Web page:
What's On Our Mind ...
On Thursday, the GOP members in the Senate used a procedural move to block debate and obstruct voting on a bill that would enact voting protections into Federal law. The bill would make it harder for the GOP to purge voter rolls and prevent minorities from voting. It would also standardize voting access in all states.
In blocking the debate, the GOP silenced the Senate’s great and powerful voice and acted in contravention of over two centuries of democratic traditions.
Debates are the emblem of Congress. Members come from across the country to the House and Senate with varied backgrounds and constituents who have just as diverse concerns. When Members of Congress gather at the Capitol, there should be a free flow of ideas and speech on how to improve our country for all.
Free, open debates, even if heated, are the hallmark of our democracy.
In February 1787, Congress decided that there should be a convention to revise the Articles of Confederation, the nation’s first constitution. When the Constitutional Convention began, debate erupted over representation in Congress and the new executive branch.
The debates continued for four months. But eventually, the delegates reached a compromise and produced the U.S. Constitution. Without the arguing, wrangling, and emotional discourses, this great document — the blueprint for our country — never would have been produced.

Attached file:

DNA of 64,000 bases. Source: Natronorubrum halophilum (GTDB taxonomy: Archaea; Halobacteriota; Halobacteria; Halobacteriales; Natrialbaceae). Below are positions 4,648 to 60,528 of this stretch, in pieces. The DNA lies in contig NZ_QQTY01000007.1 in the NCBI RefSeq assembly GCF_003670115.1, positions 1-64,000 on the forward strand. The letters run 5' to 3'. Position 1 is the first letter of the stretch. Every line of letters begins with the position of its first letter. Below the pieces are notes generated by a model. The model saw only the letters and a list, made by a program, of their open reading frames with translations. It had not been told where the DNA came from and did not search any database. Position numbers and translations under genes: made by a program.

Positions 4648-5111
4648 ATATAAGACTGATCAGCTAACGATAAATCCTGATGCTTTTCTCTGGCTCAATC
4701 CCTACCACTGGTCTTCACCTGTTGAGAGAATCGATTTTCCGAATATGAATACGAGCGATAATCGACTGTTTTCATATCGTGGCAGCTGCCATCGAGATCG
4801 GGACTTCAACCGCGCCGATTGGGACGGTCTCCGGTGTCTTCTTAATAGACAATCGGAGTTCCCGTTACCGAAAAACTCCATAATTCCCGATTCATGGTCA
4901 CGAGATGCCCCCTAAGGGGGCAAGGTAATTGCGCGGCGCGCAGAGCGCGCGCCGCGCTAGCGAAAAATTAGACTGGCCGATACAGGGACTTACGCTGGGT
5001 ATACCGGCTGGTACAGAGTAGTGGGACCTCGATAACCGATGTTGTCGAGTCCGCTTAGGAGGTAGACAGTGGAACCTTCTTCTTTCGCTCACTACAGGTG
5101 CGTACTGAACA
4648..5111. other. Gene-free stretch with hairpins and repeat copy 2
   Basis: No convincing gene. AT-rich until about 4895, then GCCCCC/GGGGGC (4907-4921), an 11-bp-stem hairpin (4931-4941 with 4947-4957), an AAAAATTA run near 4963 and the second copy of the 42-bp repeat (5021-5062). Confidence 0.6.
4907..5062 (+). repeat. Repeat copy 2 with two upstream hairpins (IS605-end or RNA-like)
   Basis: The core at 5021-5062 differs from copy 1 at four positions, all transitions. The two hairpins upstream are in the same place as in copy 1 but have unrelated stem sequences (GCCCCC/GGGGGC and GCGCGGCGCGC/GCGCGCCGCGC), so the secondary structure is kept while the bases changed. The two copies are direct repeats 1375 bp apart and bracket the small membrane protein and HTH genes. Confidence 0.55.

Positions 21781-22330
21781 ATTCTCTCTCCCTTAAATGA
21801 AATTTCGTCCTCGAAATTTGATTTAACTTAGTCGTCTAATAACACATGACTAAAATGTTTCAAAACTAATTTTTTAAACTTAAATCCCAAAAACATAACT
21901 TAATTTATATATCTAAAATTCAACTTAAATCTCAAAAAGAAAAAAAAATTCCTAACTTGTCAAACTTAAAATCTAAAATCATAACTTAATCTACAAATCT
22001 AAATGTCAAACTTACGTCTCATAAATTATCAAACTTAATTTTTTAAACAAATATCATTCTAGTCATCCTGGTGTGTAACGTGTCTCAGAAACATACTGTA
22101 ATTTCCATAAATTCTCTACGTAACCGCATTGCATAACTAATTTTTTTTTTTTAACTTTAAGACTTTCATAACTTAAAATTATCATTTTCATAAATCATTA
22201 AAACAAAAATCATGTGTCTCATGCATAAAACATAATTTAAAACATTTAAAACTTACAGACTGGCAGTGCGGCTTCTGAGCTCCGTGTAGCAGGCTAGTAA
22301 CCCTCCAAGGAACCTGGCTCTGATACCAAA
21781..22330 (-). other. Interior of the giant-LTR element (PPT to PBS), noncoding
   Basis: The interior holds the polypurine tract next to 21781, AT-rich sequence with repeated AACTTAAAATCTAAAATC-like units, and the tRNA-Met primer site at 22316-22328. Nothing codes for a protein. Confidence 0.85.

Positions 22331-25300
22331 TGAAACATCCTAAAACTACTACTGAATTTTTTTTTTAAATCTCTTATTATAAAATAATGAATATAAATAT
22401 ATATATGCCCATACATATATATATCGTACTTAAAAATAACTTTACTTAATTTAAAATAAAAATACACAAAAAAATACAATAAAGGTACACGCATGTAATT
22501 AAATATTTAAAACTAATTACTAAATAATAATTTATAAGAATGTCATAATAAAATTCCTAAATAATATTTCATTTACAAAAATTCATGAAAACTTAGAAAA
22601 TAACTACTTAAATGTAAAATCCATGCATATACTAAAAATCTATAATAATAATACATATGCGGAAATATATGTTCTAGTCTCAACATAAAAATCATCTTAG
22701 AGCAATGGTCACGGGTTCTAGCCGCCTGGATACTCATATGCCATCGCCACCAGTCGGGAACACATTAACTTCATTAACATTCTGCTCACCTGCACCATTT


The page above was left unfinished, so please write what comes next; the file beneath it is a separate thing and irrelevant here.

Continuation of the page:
Senate debate does not always end in success. In 1919 after nearly 60 days of debate, the Senate rejected the Treaty of Versailles, which ended World War I and created the League of Nations. Still, at least they discussed it.
One of the most contentious debates in Senate history happened in 1964 over the Civil Rights Act. It is considered one of Congress' most influential pieces of legislation. The act banned discrimination based on race, religion, sex, and national origin. It was, ironically, the GOP that ended the filibuster on the bill and forced a vote.
Former Vice President Hubert Humphrey said, “Freedom is hammered out on the anvil of discussion, dissent, and debate.”
Voters will remember the GOP’s actions to silence the sounds of freedom. We need to vote them out and elect JAC candidates. Elections have consequences.
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Sources: CNN, Constitutional Rights Foundation